‘Punctured Sky’ (2021), a short film that still can be seen as part of his solo show ‘Ɛցɾҽցօɾҽʂ and Grimoires’ at the Schinkel Pavillon, also examines how our collective memory, as that which binds us together as a society, is changed by digital technologies. ‘Punctured Sky’ is digitally-animated cinema noir about two young men searching for a video game they remember playing as children, a game that seems to have disappeared from the face of the earth. The story is similar to one of the shorts in ‘Counterfeit Poast,’ in which a woman shares her absolute conviction that she has seen ‘The Traveling Salesman,’ an obscure film starring Kevin Costner as a salesman attacked by a roving band of Satanists in a post-apocalyptic America, despite the fact that no one else seems to remember it. In both of these stories, belief in the obscure cultural object is existential, the difference between the alienation of madness and participation in society. Such is the risk in a world where cultural objects and narratives proliferate in increasingly fragmented online communities, their existence erased in the flash of a hard drive. In furthering the digitization of culture, AI will undoubtedly further its precarity and fragmentation. Whether it has the potential to reorient culture in other ways remains to be seen, and is one of the questions looming before artists such as Rafman today.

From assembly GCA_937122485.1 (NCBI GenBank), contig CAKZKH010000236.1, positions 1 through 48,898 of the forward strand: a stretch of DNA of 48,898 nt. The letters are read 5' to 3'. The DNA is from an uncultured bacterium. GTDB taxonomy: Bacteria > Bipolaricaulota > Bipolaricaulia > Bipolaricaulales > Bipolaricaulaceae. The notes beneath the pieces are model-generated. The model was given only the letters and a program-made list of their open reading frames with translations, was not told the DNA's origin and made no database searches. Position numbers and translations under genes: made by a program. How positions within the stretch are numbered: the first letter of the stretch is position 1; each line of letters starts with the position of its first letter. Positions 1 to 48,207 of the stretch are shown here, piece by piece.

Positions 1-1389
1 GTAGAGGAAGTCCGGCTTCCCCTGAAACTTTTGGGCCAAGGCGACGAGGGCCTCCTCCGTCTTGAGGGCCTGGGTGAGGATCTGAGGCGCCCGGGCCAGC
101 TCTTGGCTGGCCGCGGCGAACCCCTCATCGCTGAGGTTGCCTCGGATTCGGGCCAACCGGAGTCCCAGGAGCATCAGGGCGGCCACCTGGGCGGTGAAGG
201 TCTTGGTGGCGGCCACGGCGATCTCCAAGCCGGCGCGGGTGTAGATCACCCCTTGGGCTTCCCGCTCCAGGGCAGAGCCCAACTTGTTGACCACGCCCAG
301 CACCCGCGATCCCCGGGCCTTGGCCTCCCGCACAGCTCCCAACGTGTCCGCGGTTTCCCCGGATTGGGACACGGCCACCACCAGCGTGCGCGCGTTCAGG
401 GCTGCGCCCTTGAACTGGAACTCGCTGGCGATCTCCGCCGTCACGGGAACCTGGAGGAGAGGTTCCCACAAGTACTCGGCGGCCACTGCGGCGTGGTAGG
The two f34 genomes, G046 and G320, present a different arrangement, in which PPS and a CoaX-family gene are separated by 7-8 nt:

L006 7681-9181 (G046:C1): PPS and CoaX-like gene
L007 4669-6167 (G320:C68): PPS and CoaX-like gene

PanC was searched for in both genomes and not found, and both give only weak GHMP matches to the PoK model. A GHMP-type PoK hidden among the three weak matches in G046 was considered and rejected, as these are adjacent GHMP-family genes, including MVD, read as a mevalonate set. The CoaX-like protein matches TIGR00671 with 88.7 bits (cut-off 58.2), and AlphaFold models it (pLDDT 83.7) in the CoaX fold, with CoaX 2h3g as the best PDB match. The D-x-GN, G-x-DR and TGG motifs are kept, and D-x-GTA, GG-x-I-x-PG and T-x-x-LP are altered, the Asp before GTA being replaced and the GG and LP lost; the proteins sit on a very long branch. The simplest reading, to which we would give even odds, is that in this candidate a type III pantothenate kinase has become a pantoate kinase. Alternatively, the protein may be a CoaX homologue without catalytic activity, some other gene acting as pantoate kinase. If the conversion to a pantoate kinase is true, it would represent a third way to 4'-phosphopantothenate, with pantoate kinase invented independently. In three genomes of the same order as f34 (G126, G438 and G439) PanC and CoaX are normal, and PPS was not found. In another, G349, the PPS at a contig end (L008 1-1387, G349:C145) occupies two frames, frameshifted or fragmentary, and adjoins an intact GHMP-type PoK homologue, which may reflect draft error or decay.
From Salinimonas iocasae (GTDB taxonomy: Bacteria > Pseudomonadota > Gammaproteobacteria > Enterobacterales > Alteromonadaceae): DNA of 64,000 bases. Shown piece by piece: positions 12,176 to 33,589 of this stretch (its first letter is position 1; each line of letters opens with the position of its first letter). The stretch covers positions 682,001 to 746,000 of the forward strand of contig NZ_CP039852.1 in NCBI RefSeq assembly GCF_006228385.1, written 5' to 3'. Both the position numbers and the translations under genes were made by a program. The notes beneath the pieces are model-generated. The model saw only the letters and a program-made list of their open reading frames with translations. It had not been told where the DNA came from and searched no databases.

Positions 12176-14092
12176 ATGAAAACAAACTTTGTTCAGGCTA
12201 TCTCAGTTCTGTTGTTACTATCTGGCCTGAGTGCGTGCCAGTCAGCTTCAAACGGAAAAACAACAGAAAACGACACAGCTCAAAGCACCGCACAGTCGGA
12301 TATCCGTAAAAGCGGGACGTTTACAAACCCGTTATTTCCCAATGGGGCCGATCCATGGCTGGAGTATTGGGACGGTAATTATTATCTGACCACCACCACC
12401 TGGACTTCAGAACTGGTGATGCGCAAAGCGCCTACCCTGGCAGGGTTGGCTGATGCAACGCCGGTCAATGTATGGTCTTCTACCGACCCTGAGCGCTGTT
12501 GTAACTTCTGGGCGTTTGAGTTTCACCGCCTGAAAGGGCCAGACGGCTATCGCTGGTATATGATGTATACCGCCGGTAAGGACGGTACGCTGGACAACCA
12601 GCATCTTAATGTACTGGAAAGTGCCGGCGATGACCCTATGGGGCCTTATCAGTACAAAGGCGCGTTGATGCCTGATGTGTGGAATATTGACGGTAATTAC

If history is any indication, AI doesn’t mark the end of art, as alarmists might have us believe, but it does mark a profound shift. As before with photography, it is in all likelihood a keystone in a crucial moment of cultural transformation, perhaps even of society’s transformation itself. Rafman’s work points to potential aesthetics, narratives and identities that this emergent change might produce. The only thing clear at this point is that we are still at the nascent stage of artificial intelligence, perhaps comparable to the early daguerreotypes of the 1800s. The apex of its development is still to come.